Picard’s Gallery of Star Trek Skulls Is a Cavalcade of Creepy Alien Biology Insights

Picard’s Gallery of Star Trek Skulls Is a Cavalcade of Creepy Alien Biology Insights

Last week’s episode of Picard thrust its heroes into a dark reality where Jean-Luc was not an ideal hero of the utopian Federation, but a butchering general of an evil Confederacy. It asked many questions of the man, but it also asked us this: every wondered what was going on inside a Klingon’s head… quite literally?

Although Picard is given many hints that the world John de Lancie’s delightful cosmic arsehole Q has snapped him into in “Penance” is not a pleasant one, things become very clear for him and us early on in the episode when Q shows Picard a very gruesome trophy room. Lined with the picked-clean skulls of “General” Picard’s enemies, it’s a notable who-who of Star Trek alien figures… who in this timeline are just very, very dead.

Production designer David Blass has taken to Instagram to show off the display of skulls, each designed by concept designer Neville Page, and it’s a sight to see. There’s “cameos” of Trek faces like Ambassador Sarek (Spock’s dad), DS9‘s General Martok, Gul Dukat, and Grand Nagus Zek up close, and there’s some fascinating details to be found beyond the gruesomeness. There’s M’talas of the Lihn Zhee, a cheeky reference to Picard showrunner Terry Matalas, and even a Borg skull for good measure. But it might also just have you very curious about Star Trek xenobiology for a minute. Like… what’s up with the Ferengi’s big ol’ lobes having actual bones in them?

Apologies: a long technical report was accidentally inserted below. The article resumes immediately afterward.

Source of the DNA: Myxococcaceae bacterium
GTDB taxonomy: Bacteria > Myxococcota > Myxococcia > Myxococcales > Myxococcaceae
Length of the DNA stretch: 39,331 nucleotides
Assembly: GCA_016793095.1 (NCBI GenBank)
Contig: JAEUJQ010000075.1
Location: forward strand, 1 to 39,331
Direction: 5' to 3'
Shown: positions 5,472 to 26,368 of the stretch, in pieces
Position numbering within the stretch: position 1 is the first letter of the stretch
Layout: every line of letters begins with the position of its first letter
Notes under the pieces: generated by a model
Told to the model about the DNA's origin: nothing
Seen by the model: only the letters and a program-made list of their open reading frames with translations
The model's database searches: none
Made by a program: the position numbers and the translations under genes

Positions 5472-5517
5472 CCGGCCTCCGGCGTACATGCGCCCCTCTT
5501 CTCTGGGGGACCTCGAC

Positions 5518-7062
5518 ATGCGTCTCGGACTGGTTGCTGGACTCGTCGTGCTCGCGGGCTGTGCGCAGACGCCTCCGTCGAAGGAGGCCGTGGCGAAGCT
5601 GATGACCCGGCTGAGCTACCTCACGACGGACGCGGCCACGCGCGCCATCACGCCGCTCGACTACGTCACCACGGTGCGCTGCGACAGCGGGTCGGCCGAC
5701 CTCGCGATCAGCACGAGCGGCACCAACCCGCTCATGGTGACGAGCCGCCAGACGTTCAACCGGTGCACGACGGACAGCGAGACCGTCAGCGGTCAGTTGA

Ferengi ears are famously sensitive in Star Trek lore, with Ferengi seeing their oversized ears as erogenous zones — but considering that beyond that we’ve never had to think about Ferengi ears this much, it was perhaps surpising to some to see them represented in this grim anatomy lesson. But according to Blass, that’s just the kind of thing you think about when you need to come up with a room full of alien skulls. “Of course when it came to the Ferengi we discussed the Bone vs Cartilage in the ears,” Blass’ caption on Instagram reads in part. “Many species have Flexible Dermal Armour, Microdocodon gracilis had hyoid bones that were flexible and required for eating. Add to that humans having bones in the ear specifically designed to facilitate auditory functions. The Ferengi Ears warranted this type of discussion.”

The more you know! Click through to go up close and gruesomely personal with a few Star Trek icons’ inner workings. You know, if you’re into that sort of thing.

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